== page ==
Meanwhile, NHS figures show 63,296 staff per day, on average, in the week to Christmas were off sick — up 20 per cent in a month.
Of these, 8,029 (12 per cent) blamed Covid for their absence. For comparison, just 5,441 were off sick due to the virus on the same date in November.
December 21 was the worst day for NHS staff being off sick, with 66,191 unable to work that day.
Covid related absences also peaked on December 21, with 8,525 staff off sick with the virus.
Staff sickness piles increasing pressure on the health service as hospitals have fewer medics to care for more patients.
MailOnline revealed yesterday that uptake of the flu vaccine among NHS staff this year was at its lowest level since 2012.
Ambulance handover delays peaked on December 19 with over 3,000 patients forced to wait over an hour in the back of an emergency vehicle unable to be offloaded to a hospital bed
Professor Sir Stephen Powis, NHS England’s medical director, said the data showed fears of a ‘twindemic’ of the two viruses ‘have been realised’
Professor Powis, the NHS national medical director, said the data showed fears of a ‘twindemic’ putting extra pressure on the NHS had come to pass.
‘Sadly, these latest flu numbers show our fears of a ‘twindemic’ have been realised,’ he said.
He also highlighted the problems with bed-blockers, patients well enough to leave hospital but needing care at home, but who can’t leave due to a lack of capacity in social care.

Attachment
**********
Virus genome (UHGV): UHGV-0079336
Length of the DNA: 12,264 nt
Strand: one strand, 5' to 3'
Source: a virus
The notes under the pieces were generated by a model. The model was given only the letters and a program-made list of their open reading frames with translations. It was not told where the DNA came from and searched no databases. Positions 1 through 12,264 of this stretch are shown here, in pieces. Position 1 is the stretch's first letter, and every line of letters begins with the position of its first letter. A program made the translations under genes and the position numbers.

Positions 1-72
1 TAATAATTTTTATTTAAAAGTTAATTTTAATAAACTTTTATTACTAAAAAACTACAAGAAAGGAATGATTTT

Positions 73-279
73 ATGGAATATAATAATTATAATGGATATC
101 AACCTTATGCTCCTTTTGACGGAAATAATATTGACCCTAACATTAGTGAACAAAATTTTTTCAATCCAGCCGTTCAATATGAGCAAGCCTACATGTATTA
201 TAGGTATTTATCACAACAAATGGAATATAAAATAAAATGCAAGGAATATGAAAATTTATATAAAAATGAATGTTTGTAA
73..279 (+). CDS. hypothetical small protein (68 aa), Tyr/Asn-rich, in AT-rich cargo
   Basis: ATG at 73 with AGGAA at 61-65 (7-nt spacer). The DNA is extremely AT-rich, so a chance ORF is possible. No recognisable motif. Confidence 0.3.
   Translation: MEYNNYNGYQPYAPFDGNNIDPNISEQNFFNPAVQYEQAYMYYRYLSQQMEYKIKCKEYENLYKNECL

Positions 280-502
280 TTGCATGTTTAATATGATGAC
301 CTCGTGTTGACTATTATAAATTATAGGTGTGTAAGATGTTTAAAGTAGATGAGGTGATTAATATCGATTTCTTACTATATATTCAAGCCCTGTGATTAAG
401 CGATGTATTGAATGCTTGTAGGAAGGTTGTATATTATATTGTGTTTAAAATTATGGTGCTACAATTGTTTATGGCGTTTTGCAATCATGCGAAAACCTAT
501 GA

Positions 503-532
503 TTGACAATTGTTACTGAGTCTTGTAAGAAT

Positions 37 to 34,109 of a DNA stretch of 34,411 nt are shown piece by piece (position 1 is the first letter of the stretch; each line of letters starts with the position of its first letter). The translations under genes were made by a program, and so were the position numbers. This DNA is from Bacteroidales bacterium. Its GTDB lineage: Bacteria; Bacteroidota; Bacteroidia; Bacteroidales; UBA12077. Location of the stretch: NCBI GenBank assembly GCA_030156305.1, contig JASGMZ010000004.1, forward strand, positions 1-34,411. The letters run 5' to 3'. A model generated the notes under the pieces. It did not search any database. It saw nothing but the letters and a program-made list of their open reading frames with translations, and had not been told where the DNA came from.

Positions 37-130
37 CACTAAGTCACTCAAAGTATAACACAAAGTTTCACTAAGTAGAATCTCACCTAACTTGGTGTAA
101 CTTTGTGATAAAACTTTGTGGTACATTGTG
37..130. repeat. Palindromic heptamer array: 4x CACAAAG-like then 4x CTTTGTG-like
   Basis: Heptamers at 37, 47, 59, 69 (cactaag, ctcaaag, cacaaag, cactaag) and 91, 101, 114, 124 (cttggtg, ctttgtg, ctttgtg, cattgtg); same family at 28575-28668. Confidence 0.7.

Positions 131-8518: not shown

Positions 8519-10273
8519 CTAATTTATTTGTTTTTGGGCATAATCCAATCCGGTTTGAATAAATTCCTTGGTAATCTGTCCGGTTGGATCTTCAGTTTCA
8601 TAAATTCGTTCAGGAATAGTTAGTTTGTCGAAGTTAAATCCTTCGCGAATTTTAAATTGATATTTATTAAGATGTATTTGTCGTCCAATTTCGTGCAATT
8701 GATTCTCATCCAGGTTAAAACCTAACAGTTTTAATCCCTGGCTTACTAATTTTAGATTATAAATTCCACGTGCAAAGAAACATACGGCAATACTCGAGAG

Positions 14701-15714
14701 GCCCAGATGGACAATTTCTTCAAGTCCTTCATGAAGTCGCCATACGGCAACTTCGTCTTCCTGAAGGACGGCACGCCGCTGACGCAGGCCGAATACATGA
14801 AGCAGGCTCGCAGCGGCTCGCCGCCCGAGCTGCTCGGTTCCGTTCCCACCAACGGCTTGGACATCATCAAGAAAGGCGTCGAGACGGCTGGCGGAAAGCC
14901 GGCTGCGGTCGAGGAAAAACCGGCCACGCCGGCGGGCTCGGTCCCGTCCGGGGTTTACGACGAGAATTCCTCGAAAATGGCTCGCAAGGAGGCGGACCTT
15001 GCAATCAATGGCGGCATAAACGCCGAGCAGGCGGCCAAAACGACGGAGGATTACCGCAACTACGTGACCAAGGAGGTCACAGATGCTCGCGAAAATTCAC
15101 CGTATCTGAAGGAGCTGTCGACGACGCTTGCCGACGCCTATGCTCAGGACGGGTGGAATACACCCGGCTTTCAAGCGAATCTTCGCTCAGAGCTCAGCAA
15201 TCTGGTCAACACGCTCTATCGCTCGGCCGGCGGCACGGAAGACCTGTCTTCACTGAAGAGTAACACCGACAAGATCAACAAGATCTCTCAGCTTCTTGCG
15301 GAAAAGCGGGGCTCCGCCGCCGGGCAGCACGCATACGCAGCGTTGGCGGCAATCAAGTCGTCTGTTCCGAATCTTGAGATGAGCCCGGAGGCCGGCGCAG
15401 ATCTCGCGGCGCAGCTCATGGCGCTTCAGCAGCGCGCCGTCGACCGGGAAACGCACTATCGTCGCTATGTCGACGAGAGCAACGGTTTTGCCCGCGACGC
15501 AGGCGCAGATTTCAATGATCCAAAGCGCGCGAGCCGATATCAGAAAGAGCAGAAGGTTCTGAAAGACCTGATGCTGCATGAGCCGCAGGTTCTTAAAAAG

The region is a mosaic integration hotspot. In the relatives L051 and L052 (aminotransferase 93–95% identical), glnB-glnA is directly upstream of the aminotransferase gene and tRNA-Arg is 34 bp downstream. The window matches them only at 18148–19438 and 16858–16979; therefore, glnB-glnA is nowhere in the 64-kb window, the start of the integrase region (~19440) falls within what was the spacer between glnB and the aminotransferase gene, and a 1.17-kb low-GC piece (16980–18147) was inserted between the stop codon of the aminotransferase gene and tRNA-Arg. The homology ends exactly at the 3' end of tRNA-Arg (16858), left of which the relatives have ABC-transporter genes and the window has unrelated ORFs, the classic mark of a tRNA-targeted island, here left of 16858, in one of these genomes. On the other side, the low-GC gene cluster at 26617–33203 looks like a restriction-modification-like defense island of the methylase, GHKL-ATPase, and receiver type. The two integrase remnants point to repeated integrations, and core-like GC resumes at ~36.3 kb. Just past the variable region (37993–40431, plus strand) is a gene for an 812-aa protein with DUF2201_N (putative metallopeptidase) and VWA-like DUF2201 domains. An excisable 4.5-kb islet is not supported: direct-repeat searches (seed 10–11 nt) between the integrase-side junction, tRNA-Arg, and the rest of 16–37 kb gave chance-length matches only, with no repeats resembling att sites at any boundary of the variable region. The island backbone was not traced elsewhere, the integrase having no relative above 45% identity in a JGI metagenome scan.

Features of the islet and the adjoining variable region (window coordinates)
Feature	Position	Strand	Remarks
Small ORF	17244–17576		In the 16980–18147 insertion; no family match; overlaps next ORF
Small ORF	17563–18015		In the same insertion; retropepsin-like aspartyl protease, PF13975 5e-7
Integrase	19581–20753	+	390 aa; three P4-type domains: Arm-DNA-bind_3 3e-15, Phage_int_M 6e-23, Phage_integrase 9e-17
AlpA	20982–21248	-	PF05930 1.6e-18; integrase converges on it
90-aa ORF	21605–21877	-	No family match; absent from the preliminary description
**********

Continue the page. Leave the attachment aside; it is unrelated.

‘As well as flu, the NHS continues to be under significant pressure, with high bed occupancy, more than 12,000 beds taken up by patients medically fit for discharge,’ he said.
Bed-blockers reduce hospital capacity for further admissions.
The crisis is one factor behind record A&E waits and ambulances being stuck outside hospitals unable to offload patients.
The NHS recorded its worst day this winter for ambulance handovers this month, data revealed today.
On December 19, over 3,000 patients were trapped in ambulances for more than an hour, unable to be offloaded to hospital staff due to a lack of beds.
Beds, in NHS terminology, don’t mean just the bed itself, but also having the medical staff required to look after the patients in them.
The combination of surging in winter viruses, Covid, staff sickness and bed-blockers have been listed as factors in several NHS trusts in England declaring critical incidents in the past week, meaning patient safety is at risk.
Others have banned visitors in attempt to stem the flow of winter bugs into hospitals as well reintroducing mask mandates.
In other health news:
Dozens of patients treated in corridors, 40-hour A&E waits and warnings to think twice about calling 999: Why IS the NHS struggling and is YOUR hospital affected?
NHS is treating Britons addicted to… ANGRY BIRDS: Over 200 people were sent for therapy last year after getting hooked on games like War Zone, Fortnite and FIFA
Could China’s Covid outbreak really push the fight against the virus back to square one? Experts warn new worrying variants could spring up but immunity should keep severe illness at bay
Source: Read Full Article